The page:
Transgender Victoria (TGV) was founded in the late 1990s to achieve justice, equity and quality health and community service provision for trans and gender diverse (TGD) people, their partners, families and friends. TGV educates organisations and workplaces on how to provide better services for TGD people, and seeks ways to provide direct services to the TGD community, whether in partnership with others or independently.
TGV also works with and for the TGD community to create positive change in human rights and policy development. We represent the TGD community in challenging discrimination and assist in the empowerment of TGD people so that they may lead full and meaningful lives.
TGV recognises the right of each and every member of the TGD community to equality in all areas of life including housing, education, work, health services and legal representation. Since we began, TGV have been pivotal in raising awareness of issues that affect TGD people; TGV remains dedicated to facilitating social and legislative change on behalf of the TGD community.
The TGV committee celebrates diversity within the TGD community and the communities of its allies. While TGV does not represent people experiencing intersex, we have a strong relationship with intersex organisations such as Organisation Intersex International Australia and Androgen Insensitivity Syndrome Support Group Australia Inc.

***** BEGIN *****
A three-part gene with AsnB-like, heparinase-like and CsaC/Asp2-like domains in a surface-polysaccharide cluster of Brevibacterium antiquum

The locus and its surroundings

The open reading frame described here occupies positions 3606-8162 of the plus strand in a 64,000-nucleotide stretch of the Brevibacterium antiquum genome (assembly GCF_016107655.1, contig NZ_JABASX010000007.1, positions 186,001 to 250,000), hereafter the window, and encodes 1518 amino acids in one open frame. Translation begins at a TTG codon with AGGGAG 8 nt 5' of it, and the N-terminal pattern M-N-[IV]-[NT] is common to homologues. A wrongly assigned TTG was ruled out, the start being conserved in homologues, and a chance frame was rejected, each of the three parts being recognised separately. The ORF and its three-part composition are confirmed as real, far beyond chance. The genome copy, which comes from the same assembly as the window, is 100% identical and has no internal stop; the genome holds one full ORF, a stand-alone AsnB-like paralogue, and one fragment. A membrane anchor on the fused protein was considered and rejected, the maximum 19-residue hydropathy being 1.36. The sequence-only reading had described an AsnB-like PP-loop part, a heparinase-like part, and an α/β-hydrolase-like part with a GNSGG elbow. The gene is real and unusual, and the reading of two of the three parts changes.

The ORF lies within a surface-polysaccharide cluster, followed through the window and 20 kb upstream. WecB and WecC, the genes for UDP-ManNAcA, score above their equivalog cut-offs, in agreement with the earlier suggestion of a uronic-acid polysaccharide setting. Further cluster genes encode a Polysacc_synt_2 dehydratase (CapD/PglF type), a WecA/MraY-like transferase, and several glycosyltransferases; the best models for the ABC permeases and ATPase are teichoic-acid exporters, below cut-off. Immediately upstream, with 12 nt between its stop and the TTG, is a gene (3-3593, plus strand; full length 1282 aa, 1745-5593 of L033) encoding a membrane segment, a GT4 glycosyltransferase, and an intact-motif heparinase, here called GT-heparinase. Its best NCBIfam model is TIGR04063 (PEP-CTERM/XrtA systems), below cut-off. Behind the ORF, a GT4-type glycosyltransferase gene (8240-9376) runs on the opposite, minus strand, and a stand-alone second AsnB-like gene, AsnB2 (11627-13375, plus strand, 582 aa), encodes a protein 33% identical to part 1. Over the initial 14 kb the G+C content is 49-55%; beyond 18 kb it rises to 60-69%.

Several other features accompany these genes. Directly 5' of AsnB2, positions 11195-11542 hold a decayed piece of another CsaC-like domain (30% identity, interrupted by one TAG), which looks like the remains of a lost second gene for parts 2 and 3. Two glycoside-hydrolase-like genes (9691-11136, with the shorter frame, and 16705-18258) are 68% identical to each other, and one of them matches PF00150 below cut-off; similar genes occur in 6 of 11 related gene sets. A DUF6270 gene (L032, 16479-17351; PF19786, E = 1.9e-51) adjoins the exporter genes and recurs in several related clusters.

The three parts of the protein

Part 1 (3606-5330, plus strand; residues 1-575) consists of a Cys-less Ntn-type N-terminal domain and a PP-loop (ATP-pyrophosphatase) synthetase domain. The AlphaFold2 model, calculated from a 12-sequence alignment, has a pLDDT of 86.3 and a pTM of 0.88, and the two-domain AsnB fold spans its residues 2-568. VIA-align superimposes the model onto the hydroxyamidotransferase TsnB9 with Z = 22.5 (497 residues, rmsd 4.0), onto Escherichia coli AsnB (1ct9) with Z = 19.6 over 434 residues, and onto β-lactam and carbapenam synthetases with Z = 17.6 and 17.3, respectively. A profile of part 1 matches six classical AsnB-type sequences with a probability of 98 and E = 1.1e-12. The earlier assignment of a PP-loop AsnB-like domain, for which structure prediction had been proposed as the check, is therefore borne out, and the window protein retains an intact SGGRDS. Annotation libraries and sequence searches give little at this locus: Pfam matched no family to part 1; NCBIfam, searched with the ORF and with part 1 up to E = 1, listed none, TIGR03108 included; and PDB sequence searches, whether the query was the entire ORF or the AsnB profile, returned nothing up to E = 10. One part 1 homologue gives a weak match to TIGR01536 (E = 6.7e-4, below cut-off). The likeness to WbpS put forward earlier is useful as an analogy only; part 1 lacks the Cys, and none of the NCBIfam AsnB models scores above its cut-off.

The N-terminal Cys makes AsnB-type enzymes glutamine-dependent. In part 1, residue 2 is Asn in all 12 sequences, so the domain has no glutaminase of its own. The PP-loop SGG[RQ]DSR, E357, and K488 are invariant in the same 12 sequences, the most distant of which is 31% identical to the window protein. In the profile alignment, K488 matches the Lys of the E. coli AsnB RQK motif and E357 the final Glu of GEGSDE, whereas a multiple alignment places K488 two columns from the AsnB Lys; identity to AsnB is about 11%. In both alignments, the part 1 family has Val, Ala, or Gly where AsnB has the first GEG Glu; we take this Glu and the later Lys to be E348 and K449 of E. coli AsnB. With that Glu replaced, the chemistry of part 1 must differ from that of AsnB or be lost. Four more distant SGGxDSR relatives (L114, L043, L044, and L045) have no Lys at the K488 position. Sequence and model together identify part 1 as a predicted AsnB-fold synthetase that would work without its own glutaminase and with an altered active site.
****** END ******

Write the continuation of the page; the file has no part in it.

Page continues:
Who does TGV refer to when referring to trans and gender diverse people?
TGV uses TGD as an umbrella term to describe people whose gender identity or expression is different from that which was assigned at birth, or that which is expected of them by society. All people have a right to express the gender with which they identify. TGD people however, often experience discrimination due to ignorance around gender diversity, and/or an expression of gender that varies from society's expectations.
TGV also acknowledges that each person does, and has to right to, express their gender in a way that represents their sense of self. This may be male, female or somewhere in between.
Some people may make a permanent physical transition through medical processes such as surgeries and hormones, while other forms of gender expression may be achieved by a legal change of name, or by changing their style of dress.
There is no one 'correct' or 'complete' way for TGD people to express themselves. Choices may be made dependent upon a range of factors including health, finances or personal preference. TGD people include (but are not limited to) those who describe themselves as trans, transgender, transsexual, FTM (female to male), MTF (male to female), genderqueer, transman, transwoman, boi, crossdresser, androgynous, third gendered, two spirited, Sistagirl / Brotherboy.